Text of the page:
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# Load Packages -----------------------------------------------------------

library(tidyverse)

# Import Data -------------------------------------------------------------

penguins <- read_csv("penguins.csv")

# summarize() -------------------------------------------------------------

# With summarize(), we can go from a complete dataset down to a summary.

# We use any of the summary functions with summarize().
# Here's how we calculate the mean bill length.

penguins |> 
  summarize(mean_bill_length = mean(bill_length_mm))

# This doesn't work! Notice what the result is. 

# We need to add na.rm = TRUE to tell R to drop NA values.

penguins |> 
  summarize(mean_bill_length = mean(bill_length_mm, na.rm = TRUE))

# Another option is to drop NA values before calling summarize().

penguins |> 
  drop_na(bill_length_mm) |> 
  summarize(mean_bill_length = mean(bill_length_mm))

# We can have multiple arguments in each usage of summarize().

penguins |> 
  summarize(mean_bill_length = mean(bill_length_mm, na.rm = TRUE),
            max_bill_depth = max(bill_depth_mm, na.rm = TRUE))

Your Turn

# Load Packages -----------------------------------------------------------

# Load the tidyverse package

library(tidyverse)

# Import Data -------------------------------------------------------------

# Download data from https://rfor.us/penguins
# Copy the data into the RStudio project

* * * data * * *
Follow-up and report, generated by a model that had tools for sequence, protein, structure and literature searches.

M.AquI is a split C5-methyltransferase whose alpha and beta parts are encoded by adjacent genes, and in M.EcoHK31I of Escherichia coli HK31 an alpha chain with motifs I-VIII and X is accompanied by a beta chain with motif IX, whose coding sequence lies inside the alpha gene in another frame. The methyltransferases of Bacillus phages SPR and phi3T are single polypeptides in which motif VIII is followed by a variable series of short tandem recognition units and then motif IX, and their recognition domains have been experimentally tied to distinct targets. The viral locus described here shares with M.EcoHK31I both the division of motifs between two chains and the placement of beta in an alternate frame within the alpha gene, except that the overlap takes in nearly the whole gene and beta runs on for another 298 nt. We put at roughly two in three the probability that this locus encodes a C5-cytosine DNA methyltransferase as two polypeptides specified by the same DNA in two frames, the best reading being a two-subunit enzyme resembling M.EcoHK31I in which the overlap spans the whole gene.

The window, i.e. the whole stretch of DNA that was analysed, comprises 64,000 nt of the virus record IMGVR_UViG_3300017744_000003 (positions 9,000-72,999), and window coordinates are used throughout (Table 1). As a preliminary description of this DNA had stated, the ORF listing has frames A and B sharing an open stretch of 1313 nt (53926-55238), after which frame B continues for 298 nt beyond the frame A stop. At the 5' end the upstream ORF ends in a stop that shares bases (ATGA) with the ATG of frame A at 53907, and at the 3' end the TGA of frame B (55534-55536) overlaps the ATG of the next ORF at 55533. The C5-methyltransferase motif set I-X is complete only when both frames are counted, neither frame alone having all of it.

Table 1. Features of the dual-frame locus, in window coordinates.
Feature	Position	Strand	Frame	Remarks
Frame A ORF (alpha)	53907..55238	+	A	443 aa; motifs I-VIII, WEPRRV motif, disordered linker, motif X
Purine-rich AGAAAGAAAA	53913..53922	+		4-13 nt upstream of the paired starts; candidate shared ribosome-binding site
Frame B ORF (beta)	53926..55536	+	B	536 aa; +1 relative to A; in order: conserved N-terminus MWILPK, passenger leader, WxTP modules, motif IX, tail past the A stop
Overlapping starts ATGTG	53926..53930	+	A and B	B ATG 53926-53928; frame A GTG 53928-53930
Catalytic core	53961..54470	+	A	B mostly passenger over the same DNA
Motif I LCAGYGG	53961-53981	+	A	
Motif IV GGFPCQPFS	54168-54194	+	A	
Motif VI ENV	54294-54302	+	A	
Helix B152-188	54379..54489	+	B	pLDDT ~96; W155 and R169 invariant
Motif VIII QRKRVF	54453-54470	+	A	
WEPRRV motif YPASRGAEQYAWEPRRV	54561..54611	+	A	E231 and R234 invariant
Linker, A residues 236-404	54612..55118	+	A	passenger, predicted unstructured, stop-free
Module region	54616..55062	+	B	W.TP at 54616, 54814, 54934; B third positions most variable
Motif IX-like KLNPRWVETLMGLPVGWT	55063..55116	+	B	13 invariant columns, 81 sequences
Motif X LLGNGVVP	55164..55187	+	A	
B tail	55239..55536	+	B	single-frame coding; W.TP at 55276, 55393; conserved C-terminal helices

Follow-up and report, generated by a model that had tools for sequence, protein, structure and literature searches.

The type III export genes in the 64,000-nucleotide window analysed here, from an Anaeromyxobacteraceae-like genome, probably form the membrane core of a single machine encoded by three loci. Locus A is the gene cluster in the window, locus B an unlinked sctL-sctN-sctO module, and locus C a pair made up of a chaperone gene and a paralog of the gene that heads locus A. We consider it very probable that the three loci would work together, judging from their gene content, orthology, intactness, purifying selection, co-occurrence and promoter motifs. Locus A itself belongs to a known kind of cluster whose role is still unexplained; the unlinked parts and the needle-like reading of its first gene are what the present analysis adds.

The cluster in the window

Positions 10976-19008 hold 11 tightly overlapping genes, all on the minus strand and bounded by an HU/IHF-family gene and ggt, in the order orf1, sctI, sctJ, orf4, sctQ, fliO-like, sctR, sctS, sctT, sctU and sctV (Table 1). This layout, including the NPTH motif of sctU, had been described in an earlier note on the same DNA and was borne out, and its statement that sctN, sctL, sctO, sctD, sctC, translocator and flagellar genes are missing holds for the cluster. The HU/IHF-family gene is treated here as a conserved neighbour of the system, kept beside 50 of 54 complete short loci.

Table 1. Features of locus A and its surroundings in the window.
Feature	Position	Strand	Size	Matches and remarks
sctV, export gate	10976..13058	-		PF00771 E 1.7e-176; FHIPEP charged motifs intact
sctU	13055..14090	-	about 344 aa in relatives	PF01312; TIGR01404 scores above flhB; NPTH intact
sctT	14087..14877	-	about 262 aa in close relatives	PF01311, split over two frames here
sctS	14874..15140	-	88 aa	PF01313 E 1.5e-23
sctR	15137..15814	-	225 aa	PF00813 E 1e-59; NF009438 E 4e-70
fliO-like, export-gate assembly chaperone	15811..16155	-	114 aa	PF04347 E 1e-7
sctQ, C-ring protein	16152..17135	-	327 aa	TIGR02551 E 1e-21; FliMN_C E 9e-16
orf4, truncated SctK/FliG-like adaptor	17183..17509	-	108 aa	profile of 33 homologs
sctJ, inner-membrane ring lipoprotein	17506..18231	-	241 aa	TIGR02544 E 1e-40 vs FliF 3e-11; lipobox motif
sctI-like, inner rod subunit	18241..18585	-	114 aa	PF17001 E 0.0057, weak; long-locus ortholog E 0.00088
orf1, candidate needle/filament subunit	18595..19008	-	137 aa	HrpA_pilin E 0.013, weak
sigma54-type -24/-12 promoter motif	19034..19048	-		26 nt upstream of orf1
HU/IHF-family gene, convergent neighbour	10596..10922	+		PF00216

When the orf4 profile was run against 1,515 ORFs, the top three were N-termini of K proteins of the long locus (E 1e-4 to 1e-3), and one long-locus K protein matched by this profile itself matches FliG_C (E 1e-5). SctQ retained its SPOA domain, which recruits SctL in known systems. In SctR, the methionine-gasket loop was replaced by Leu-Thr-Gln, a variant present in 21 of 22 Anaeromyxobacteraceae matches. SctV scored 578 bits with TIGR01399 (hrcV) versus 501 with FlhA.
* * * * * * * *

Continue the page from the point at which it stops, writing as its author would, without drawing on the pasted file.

# Create a new R script file and add code to import your data

penguins <- read_csv("penguins.csv")
			
# Calculate the weight of the heaviest penguin.
# Don't forget to drop NAs!

# YOUR CODE HERE

# Calculate the minimum and maximum weight of penguins in the dataset.

# YOUR CODE HERE

Learn More

To learn more about the summarize() function, check out Chapter 3 of R for Data Science.

Have any questions? Put them below and we will help you out!

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Brian Slattery

Brian Slattery

September 20, 2023

I'm just curious, so feel free to ignore if this is covered later. But, you mentioned that piping sequential summarizes into each other doesn't work to get a single table with multiple columns. Is there a way to do that? I didn't know if mutate would be able to handle taking in a tibble from summarize? I was guessing there must be some other way to combine tibbles? For example, if you were getting the mean bill length from the penguins data, but also wanted to get a mean bill length from some other bird dataset, and have these in the same table side by side (I googled it and it looked like there's a merge() function, but I didn't know if that was the best way to go about it in this case)

Gracielle Higino

Gracielle Higino

September 20, 2023

Hi Brian! Thank you for your question, that's very interesting! We'll discuss this in our live session this week, stay tuned!

Brian Slattery

Brian Slattery

September 20, 2023

Is there some way to change the default behavior of summarize so that it ignores NAs without having to specify it specifically? I didn't know if there was something like a global variable that you can set in the R script file, or something within the RStudio environment or installed package?

Gracielle Higino

Gracielle Higino

September 20, 2023

Hey! =D The short answer is: you shouldn't do that! There are some complicated workarounds, but by default, you should make it explicit in your code when NAs are being ignored/dropped. We'll discuss this on Thursday too!